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Sharp Health News

Sharp awarded $2.9 million for cord blood research

March 15, 2017

Sharp awarded $2.9 million for cord blood research

Dr. Anup Katheria assesses one of his patients in the Neonatal Intensive Care Unit. The baby, one of a set of triplets, received cord blood milking at birth.

More and more, science is revealing that the first moments of life can influence a child for the rest of his or her life. This was evident in new guidance from the American Congress of Obstetricians and Gynecologists (ACOG), which now recommends doctors wait 30 to 60 seconds before cutting a newborn baby’s umbilical cord — a practice known as delayed cord clamping — based on studies that showed the practice leads to benefits such as increased blood volume and improved brain development.

Among the research helping to drive this guidance were studies at Sharp Mary Birch Hospital for Women & Newborns. The hospital’s Neonatal Research Institute (NRI) previously looked at the health effects of both delayed cord clamping and umbilical cord milking, a technique that involves gently squeezing blood through the umbilical cord toward a baby before the cord is cut. The results suggest cord milking may be the more promising of the two techniques.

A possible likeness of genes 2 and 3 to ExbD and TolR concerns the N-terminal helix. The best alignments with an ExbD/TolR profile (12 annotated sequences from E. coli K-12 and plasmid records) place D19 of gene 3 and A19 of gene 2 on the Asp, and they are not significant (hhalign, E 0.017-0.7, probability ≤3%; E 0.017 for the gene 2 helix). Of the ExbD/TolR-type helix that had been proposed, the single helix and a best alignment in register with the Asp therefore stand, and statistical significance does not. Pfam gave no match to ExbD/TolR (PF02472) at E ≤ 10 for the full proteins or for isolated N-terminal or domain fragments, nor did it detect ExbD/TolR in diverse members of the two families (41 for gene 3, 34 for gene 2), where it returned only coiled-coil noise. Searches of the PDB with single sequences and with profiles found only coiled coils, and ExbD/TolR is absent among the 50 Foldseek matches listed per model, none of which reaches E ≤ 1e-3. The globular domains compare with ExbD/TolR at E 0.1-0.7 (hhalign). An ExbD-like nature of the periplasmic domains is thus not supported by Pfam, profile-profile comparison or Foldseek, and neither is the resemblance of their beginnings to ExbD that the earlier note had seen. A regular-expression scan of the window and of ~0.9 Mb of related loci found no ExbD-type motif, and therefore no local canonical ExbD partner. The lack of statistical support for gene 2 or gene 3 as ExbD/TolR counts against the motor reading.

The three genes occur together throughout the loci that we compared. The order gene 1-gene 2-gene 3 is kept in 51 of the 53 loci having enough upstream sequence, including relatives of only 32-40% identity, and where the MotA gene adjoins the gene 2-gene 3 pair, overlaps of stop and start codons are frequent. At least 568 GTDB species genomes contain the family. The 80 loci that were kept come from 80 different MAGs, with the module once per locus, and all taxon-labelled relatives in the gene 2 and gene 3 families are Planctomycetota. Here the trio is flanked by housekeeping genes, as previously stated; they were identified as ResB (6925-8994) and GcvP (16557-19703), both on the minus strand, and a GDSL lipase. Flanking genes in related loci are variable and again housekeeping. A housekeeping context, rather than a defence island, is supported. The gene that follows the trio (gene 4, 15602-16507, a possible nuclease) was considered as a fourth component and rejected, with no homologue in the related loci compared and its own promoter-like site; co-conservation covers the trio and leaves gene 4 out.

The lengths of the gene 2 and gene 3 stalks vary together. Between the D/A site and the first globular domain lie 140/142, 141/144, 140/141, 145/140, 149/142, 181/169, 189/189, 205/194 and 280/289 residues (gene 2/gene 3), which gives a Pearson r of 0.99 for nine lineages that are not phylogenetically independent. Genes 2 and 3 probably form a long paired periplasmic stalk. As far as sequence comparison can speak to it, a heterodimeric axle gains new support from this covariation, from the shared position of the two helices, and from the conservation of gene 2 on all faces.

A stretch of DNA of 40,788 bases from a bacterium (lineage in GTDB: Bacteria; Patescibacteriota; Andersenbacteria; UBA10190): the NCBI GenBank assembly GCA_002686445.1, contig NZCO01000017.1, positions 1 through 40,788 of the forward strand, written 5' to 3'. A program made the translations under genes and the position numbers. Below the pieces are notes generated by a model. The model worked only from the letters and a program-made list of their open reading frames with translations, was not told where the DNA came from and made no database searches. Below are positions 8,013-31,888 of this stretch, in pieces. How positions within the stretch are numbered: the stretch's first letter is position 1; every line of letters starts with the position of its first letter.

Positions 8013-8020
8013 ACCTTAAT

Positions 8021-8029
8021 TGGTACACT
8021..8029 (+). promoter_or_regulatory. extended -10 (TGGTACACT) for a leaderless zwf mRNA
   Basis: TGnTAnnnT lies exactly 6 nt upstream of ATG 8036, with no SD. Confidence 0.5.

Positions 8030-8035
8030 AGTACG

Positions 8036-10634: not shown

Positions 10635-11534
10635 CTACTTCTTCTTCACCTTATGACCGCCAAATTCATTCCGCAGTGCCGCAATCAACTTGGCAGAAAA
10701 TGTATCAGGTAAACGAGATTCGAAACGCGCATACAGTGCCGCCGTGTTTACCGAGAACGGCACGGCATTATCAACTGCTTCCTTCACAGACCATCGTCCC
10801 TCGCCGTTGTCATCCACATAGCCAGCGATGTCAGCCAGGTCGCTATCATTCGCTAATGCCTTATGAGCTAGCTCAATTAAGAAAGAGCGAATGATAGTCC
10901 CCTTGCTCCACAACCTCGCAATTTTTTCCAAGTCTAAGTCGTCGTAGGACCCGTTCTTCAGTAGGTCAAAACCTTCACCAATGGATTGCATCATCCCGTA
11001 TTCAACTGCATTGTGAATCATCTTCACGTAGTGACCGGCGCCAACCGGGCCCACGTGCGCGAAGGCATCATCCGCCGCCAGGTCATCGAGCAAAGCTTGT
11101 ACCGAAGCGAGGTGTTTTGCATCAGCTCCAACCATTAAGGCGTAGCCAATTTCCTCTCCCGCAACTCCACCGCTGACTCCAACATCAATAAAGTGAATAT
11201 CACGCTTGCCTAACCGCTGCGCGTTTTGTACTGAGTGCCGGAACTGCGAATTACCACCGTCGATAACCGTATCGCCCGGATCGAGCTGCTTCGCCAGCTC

“Our research showed that umbilical cord milking provided additional cord blood to babies at birth and improved heart, lung and brain function, particularly for vulnerable premature newborns,” says Dr. Anup Katheria, director of the Sharp Mary Birch NRI. “But a larger study with long-term outcomes is needed to validate these results.”

A $2.9 million research grant from the National Institutes of Health’s National Institute of Child Health and Human Development announced this week could do just that. The grant will expand the NRI’s prior research with the aim of demonstrating that umbilical cord milking reduces brain bleeds and improves long-term neurological outcomes in premature babies.

The grant will fund a five-year study, with Sharp Mary Birch leading eight other sites, including international sites in Canada, Germany and Ireland. It is the first private U.S. hospital to lead a multicenter international trial.

“This will be the largest and most comprehensive study of its kind,” explains Dr. Katheria. “We’ll be following 1,500 children in four different countries up to the age of 2. If the results are positive, it will change how babies are delivered worldwide.”

Research reported in this publication was supported by the Eunice Kennedy Shriver National Institute of Child Health and Human Development of the National Institutes of Health, under Award Number R01HD088646. The content is solely the responsibility of the authors and does not necessarily represent the official views of the National Institutes of Health.

For the news media: To talk with Dr. Katheria about the $2.9 million federal research grant for an upcoming story, contact Erica Carlson, senior public relations specialist, at erica.carlson@sharp.com.

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